CK: Oh, really? I was not aware.
RR: Have you given some thought to organizing a books worth of Phish photos, which would showcase your lighting design?
CK: I would love to do that, as a matter of fact. Ive gone through Phish archive photos for days and days and days putting together portfolios. There is just a _massive _ database of stuff available. I would love to do something like that. Againlike we were talking beforewith the help of others, and somebody elses eyes, as well, because a photo that I would look at and say, I dont like that one, somebody else might look at it and say, I love it. I would definitely want to have some kind of team effort going into it, to do it right, and get a broad variety of tastes going, for a book, as far as what people would like to see in photos. Why wouldnt I want to do that? It sounds great. It would be another way of keeping Phish fresh in all of our minds.
One thing for sure, regardless of whats gone on, whats happening today and everything, I believe that for most people involvedwho were involvedwe miss it. We very much miss it, still. I miss lighting it very much. There is a certain satisfaction, a certain feeling that I have just never gotten since Coventry. Theres something about lighting Phisha fulfillment sensethat I have just not gotten anywhere else. I dream about having the opportunity to do it again, and, believe me, every day, at some point, every day in my life, I think of some lighting cue, or something that Ive never done on lights, and associate it to Phish, and say to myself: If we ever get back together, during this song, during this moment, Im going to try doing this cool thing. It always goes back to Phish.
RR: And that empathy towards people who were involved in Phish is reflected back. Obviously, there are many fans that are interested in your continuing lighting work.
CK: Thank you very much. It is warming that there are still people out there who care about what Im doing, and want to see new things that Im up to and can go beyond Phish and want to see the people who were behind all the desks, all the consoles, and all the light boards and soundboards. Were obviously doing different things and the fact that
there are still people who are interested in what were doing simply because its us is a rare treat in life. Not a day goes by where I dont feel honored about those things, as well.
RR: Do you have plans for lighting projects outside of the music world?
CK: Ive had some input in a couple of small feature films. Ive done some television in the past. My sister, Andee Kuroda, is a producer, and shes produced quite a few big T.V. shows and had me come and do some work. This was years and years ago back when I almost felt like that kind of stuff was out of my league. I was struggling to keep up with what was going on, and I lacked the confidence, too. You have to get a couple of those under your belt before you feel really good about doing them. You have to start somewhere. I did some of those and I did not really enjoy itnot that I would rule it out if the opportunities came again. It wasnt my favorite thing to do. I didnt really enjoy the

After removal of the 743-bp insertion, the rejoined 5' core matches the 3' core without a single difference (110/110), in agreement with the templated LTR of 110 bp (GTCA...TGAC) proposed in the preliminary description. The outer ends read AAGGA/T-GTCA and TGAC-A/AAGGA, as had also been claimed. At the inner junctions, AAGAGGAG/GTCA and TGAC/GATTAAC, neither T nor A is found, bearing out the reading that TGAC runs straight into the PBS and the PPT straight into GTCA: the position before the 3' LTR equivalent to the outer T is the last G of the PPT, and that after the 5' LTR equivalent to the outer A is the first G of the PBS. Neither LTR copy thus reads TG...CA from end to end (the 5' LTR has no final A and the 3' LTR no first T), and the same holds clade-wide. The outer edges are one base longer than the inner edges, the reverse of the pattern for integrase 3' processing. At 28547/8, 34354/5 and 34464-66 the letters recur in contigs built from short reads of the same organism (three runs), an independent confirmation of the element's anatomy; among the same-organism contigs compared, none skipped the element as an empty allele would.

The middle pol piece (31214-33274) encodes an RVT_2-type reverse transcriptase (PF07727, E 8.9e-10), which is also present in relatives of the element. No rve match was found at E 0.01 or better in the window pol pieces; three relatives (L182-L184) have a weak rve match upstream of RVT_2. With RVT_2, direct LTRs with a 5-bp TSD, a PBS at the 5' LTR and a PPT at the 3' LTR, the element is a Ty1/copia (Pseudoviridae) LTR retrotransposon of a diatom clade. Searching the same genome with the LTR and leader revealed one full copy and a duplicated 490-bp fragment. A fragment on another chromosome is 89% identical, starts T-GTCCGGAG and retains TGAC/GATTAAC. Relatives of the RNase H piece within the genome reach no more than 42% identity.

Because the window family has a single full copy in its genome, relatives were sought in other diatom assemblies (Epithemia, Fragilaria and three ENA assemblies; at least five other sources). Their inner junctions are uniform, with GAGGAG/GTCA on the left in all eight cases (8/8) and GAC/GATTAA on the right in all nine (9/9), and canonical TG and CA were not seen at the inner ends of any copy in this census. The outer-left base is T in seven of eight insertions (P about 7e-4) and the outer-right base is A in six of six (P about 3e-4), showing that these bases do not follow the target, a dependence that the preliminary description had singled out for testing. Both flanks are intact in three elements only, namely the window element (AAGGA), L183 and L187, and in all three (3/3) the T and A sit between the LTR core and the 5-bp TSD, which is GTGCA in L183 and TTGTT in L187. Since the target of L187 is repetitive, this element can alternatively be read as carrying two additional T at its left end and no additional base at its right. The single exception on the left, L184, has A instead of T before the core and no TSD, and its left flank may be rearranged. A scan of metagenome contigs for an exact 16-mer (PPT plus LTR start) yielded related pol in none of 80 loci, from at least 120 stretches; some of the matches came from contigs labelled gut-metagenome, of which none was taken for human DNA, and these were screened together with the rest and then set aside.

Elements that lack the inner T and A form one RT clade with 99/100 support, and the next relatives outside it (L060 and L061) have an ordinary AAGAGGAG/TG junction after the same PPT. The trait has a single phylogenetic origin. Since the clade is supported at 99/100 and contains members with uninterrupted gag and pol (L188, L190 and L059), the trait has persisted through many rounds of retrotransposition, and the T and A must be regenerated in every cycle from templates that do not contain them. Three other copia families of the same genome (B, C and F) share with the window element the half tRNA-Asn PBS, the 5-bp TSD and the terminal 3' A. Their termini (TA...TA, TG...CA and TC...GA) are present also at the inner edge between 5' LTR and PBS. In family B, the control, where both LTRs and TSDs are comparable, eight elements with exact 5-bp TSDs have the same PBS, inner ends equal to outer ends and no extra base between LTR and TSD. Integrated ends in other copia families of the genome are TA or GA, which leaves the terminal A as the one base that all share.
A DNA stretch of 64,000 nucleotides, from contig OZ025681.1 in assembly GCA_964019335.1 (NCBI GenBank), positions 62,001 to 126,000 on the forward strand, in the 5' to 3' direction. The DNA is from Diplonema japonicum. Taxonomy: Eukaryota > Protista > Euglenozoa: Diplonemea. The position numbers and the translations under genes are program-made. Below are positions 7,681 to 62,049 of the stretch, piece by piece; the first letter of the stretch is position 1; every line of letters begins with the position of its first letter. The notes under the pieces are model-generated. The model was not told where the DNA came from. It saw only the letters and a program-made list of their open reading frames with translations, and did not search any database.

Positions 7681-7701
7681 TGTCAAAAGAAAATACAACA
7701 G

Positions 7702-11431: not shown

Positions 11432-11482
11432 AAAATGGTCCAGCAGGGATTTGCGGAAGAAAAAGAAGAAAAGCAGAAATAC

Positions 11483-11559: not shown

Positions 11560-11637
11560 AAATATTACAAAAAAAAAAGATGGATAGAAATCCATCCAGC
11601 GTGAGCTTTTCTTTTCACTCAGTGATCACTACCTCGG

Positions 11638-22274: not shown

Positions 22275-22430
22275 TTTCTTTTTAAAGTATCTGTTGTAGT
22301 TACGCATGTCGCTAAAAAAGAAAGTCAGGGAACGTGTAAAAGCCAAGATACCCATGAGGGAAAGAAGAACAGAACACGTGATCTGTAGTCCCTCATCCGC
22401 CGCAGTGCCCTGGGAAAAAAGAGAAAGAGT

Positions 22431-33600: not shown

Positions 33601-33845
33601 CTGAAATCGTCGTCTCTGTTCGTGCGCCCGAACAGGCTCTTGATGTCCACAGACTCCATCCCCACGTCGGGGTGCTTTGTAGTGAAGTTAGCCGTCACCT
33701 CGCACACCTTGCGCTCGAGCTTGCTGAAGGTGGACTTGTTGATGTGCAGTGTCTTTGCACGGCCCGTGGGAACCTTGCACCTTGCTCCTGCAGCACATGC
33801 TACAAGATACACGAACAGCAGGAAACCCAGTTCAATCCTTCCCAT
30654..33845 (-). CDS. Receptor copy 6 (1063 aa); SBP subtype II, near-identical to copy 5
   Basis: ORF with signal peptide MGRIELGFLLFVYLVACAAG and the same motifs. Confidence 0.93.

politics of T.V. and there are a lot of politics involved in T.V. Ive gotten a lot of theatre offers for plays, which Im dying to do and would be a great challenge, but I find myself getting booked up with the rock n roll. I dont seem to have time. I keep accepting these rock n roll dates, and they fill my year up completely. That is what I do and that is what pays my monthly nut, so to speak, so I cant say no to the rock n roll.
Right now, Im booked until December 20. Last year, I left my house on August 1, and didnt walk back in through the front door until January 16. I ended up doing three different bands where the timing all worked out perfectly where I could do the last Black Crowes gig and fly right to Aerosmith, do the last Aerosmith gig, and fly right back to the Black Crowes, do the last of those Black Crowes dates, and fly right to R Kelly.
At the time, when youre making those plans, you sit there and you say, This is great. I cant believe the stars are aligned and the dates are all working out so beautifully. I can just keep working with no overlaps. Then, at the same time, when youre out there for a long time, you think, What am I doing? Im killing myself, being out on the road for seven straight months. Its definitely a little bit of both. Yes, Id love to do those other things but my schedules just full of rock n roll.
RR: And yet, a life that appears to be so glamorous, rich and filled with exciting opportunity, at a certain point of your life, is not what it once was.
CK: No. Were all just people and at the end of the day we all go to sleep with ourselves, and we put all of our jobs and glory behind us. Were all just people trying to do our thing. For example, I know my daughter is going to be fine, but Im out here trying to get ready to do a show, and my head isnt fully dialed into doing the show. Im sitting here thinking, Is she O.K.? I hope shes alright. I better call home. I better talk to you. Its funny because Im out there at the lighting console or on stage surrounded by a bunch of gruff roadie types doing their gruff roadie work, and Im sitting there literally having a conversation out loud saying, Hi, honey_are you O.K. _? Its DADDA! Everyone is looking at me thinking, What the hell is up with this guy? Thats my life. Thats my reality. My reality is not trying to look cool in front of a bunch of gruff roadies. My reality is communicating on a level with my daughter where we can actually communicate, and she can know that Im concerned about her, and she knows shes getting love, even if its over the phone. Thats being human right there.
RR: I hope to see you on the road this year and my best thoughts and wishes to your family, especially your daughter who is sick today.
CK: Same to you and your three-pack! Ill be out in San Francisco with the Crowes in December. I think were doing seven nights at the Fillmore. Look forward to seeing you.
_- Randy Ray stores his work at www.rmrcompany.blogspot.com